"Virtual Experiments" to Find a Vaccine

The OpenZika project, launched by Dr. Carolina Horta Andrade, a professor and researcher at Universidade Federal de Goiás in Brazil, is also using data-sharing to help halt the spread of Zika. OpenZika is sharing data that can be used to develop potential anti-Zika treatments or vaccines—neither of which currently exist. Researchers are conducting “virtual experiments" that screen tens of millions of chemical compounds against the proteins that Zika uses to spread in the human body. To conduct these tests, Andrade and her colleagues are using the World Community Grid, an IBM-developed public community grid that amasses computing power from people's mobile devices and desktop computers—providing much faster results than the participating organizations could generate on their own.

Dr. Adam Kucharski, a lecturer in infectious disease epidemiology at the London School of Hygiene & Tropical Medicine, says having quick, reliable data from multiple sources around the world is vital when trying to find symptoms for a disease. During the Ebola outbreak, Kucharski says many of the efforts were focused on analyzing and "cleaning" the data that organizations had already collected instead of attempting to gain more, which slowed down the process of containing the outbreak.

"A lot of this genetic information has been published online, so researchers in one area can very quickly look at what's been going on in other places and compare and see the global picture rather than just look at the study that they're working on," Kucharski says. "Having good data early on is unquestionably valuable during an outbreak, particularly when you have a growing infection—whether it's Zika or it's Ebola."

Connecting the Dots

In another effort to enable data-sharing about Zika, Google announced earlier this year that it's lending support to UNICEF health researchers to create an open-source platform to visualize potential outbreaks. The platform will pull together data such as weather and travel patterns to help researchers identify where the virus may become a larger threat—and therefore, where nonprofits and government agencies should deploy health resources.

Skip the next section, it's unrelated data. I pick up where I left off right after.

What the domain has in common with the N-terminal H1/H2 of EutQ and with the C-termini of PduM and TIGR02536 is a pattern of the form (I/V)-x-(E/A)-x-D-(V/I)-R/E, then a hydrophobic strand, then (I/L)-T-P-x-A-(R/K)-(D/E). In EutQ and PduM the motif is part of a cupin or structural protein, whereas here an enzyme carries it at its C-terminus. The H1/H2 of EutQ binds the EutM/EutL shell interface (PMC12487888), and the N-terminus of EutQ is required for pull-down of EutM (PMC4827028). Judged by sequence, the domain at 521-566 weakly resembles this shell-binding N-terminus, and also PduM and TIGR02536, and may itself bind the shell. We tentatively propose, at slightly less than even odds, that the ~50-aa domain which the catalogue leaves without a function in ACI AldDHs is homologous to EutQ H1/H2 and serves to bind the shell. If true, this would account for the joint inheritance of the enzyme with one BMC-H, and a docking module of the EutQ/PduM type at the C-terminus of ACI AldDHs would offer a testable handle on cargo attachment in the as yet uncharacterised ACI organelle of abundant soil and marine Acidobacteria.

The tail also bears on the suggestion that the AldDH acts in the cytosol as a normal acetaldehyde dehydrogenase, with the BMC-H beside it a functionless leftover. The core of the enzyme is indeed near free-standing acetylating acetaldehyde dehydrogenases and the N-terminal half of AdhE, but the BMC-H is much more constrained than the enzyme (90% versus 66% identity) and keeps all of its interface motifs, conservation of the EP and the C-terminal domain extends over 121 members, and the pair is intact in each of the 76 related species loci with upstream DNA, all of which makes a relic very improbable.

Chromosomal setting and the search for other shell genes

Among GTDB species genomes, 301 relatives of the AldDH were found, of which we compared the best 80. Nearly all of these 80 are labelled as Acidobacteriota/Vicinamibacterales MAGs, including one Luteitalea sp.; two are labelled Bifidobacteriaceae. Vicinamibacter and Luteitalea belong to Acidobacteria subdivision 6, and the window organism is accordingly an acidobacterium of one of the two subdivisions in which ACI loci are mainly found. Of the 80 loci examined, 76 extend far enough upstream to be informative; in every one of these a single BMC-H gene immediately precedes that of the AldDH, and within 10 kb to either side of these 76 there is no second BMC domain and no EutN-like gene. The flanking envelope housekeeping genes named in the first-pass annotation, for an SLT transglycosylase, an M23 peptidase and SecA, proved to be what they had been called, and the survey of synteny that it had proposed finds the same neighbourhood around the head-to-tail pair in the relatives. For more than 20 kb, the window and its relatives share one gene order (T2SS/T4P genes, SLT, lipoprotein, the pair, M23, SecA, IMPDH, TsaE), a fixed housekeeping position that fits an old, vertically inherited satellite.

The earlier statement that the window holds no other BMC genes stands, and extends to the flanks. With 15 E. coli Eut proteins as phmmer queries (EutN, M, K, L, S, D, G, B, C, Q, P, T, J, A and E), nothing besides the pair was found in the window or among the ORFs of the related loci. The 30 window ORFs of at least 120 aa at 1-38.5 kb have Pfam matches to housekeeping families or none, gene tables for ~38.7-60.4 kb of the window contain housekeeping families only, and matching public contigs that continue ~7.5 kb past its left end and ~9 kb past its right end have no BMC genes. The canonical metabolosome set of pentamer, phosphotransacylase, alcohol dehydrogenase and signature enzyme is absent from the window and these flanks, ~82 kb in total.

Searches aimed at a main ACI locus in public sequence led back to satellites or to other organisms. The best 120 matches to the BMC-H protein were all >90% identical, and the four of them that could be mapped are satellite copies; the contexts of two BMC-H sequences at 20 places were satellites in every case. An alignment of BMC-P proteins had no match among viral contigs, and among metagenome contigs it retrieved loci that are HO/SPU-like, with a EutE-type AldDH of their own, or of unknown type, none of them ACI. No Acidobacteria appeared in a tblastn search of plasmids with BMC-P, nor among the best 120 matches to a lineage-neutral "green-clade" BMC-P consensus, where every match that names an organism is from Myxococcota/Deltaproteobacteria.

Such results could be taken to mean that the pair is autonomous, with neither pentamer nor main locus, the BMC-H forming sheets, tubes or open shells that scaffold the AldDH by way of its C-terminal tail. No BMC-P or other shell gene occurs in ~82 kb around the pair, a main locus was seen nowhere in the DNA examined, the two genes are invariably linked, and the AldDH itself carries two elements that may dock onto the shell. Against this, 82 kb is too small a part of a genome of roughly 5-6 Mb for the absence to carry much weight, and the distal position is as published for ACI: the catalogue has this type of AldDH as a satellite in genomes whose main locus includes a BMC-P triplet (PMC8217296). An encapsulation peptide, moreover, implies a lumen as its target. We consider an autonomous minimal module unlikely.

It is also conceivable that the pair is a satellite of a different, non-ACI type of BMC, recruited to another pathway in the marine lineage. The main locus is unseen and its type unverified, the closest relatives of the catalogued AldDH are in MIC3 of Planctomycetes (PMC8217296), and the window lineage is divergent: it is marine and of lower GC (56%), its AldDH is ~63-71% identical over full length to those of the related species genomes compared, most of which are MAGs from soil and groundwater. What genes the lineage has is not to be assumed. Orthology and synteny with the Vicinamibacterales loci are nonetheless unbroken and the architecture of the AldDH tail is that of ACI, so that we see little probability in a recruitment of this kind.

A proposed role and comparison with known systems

The insights yielded from data on public health emergencies like Zika can collapse the typical time frames for research breakthroughs—or at least, connect the dots so that small victories can be won, like slowing down outbreaks. Gollogly points out that researchers from other countries are conducting their own baseline studies of microcephaly, one of the most serious birth defects resulting from a Zika infection. Such studies, which borrow from the early papers posted on Zika Open, can enable local health officials to detect early warning signs of possible Zika outbreaks and step up preventive measures such as mosquito control.

“There are so many unknowns with a disease like Zika," Gollogly says. “Our hope is that we can get answers earlier. Maybe in the future, this will help us get better diagnostic tests on the market—or get the first child research protocol approved."

This story was produced by the WIRED Brand Lab for Comcast B2B.